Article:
Each of the protagonists in question comes with their own unique set of equipment and skills that change how you play. The thing is, as I experimented with each character I quickly began to notice that many actually felt more restrictive than useful. Others, meanwhile, are somewhat broken. One mask actually puts you in control of two characters, one with a chainsaw and another with guns. I was super excited to try them out but only wound up being disappointed after I discovered that the gun character trails so far behind the chainsaw wielder that their bullets tended to miss or get caught on corners. Other mask-less characters come with similarly frustrating problems that just break all logic. Why wouldn’t you swap guns or pick up ammo when you’re in a building full of enemies? Because the game says you can only use one gun, that’s why.
A far greater problem than that however, are some of the subtle shifts made to the game’s difficulty. Hotline Miami was hard but it was also fair. Its levels were split into small sections so that dying, at most, probably cost you a few seconds of gameplay time. Failure was just part of a learning experience; you exploring your surroundings, probing your enemies and looking for the best way to slaughter your foes. Levels in Wrong Number are still split up, but the sections feel much larger and more cruelly designed. There was one stage about halfway through the game where I spent a solid 45 minutes trying to get past one difficult room. The problem came from it being situated at the very beginning of the stage. So even if I managed to get past it I’d then have to fight my through an entire floor full of enemies. If I died I’d be back at square one having struggle through the obstacle all over again. I wouldn’t be hard-pressed to think of several similar spots that pushed the difficulty far past the realm of fun and square into frustration.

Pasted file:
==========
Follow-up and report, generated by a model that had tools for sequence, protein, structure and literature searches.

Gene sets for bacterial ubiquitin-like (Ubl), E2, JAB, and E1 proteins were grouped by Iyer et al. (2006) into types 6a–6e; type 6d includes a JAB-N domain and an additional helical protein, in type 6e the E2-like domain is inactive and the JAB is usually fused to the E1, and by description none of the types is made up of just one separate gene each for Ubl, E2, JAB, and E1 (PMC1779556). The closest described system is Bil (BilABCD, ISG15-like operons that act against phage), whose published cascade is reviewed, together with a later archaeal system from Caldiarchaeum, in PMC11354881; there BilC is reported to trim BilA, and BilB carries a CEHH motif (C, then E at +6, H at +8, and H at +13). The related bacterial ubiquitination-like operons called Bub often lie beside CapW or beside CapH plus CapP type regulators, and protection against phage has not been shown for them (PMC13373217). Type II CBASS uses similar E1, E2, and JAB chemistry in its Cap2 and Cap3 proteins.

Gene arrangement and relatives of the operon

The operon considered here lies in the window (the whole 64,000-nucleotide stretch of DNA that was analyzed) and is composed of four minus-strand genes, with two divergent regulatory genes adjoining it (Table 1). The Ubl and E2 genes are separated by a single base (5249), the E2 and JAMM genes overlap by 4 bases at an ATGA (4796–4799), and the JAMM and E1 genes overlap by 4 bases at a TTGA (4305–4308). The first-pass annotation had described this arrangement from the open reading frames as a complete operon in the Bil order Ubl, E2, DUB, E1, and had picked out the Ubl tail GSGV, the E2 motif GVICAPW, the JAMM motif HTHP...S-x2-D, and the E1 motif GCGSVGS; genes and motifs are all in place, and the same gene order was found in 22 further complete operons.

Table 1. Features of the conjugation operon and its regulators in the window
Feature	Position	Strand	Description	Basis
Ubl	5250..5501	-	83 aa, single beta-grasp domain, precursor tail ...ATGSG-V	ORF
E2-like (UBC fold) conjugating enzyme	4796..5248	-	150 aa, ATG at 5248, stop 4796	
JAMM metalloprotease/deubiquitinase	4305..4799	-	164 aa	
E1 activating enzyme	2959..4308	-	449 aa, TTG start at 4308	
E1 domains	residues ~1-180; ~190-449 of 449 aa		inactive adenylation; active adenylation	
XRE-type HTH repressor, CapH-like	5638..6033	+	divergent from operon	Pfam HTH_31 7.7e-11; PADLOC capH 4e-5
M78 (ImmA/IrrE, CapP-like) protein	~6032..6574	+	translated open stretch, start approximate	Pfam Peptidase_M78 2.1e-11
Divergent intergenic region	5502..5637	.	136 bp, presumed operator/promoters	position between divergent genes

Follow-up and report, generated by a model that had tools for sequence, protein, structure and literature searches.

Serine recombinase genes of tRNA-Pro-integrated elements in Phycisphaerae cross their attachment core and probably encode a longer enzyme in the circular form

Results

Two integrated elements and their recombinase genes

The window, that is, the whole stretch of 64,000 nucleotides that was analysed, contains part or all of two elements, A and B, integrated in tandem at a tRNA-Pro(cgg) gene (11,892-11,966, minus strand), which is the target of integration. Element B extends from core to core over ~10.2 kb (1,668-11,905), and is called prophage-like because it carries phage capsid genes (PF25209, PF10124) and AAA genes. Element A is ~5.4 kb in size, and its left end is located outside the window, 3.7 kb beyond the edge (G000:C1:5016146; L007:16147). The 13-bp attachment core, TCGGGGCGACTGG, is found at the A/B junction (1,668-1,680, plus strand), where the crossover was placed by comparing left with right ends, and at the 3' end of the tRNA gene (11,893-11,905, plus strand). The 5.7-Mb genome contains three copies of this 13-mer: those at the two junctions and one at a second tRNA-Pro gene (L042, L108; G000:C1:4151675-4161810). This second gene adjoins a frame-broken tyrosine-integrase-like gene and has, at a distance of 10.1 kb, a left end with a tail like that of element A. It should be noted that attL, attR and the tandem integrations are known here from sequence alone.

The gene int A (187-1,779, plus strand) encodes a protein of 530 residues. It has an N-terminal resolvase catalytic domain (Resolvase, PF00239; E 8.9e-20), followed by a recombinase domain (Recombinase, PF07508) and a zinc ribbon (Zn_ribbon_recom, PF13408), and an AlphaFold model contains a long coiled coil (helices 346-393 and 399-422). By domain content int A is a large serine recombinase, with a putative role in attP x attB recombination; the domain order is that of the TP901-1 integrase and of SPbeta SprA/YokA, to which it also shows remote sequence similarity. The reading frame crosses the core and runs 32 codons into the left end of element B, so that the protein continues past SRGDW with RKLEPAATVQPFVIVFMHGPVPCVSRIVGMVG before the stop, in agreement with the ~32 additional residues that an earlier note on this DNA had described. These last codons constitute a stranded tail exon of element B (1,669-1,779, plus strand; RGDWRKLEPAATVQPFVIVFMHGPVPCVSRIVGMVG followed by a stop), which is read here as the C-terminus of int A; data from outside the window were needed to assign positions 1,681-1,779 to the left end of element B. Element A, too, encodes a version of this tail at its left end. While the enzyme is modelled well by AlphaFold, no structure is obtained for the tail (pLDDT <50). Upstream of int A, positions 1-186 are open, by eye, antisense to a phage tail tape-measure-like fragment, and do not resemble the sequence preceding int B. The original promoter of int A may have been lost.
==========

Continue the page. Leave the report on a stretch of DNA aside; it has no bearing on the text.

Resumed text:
The game does make up for it in other ways. The visuals remain a feast for the eyes if you’re a fan of retro-style pixel art. The soundtrack is also just absolutely fantastic. Filled to the brim with energetic synth, the music in Wrong Number isn’t just background noise, it’s an outright force. There were moments when I’d be worn down from frustration only to have some new track come on and immediately get my blood pumping and ready for more. The music, on its own, does more to craft a mood and atmosphere than anything else in the game. Even if you skip Hotline Miami 2, you need to pick the soundtrack.
Hotline Miami 2: Wrong Number isn’t a bad game. There’s a lot of fun to be had in the space between it opening scene and ending credits. That said, it’s also nowhere near being the equal of its predecessor. I admire Dennaton Games for trying to build something bigger out of the wonderful, small title that caught gamers by surprise three years ago. I’m feeling though, like they learned the wrong lessons from that first game and hope that if there’s a Hotline Miami 3 that they’ll scale back on “improvements” and instead focus on recreating the unique and contained experience that they delivered with the original.
Bottom Line: Not as good as the original, Hotline Miami 2 delivers a flawed dose of the high speed ultra violence that’s fun but not essential.
Recommendation: Pick it up if you loved the first game. Otherwise you might be better off just listening to the soundtrack.[rating=3.5]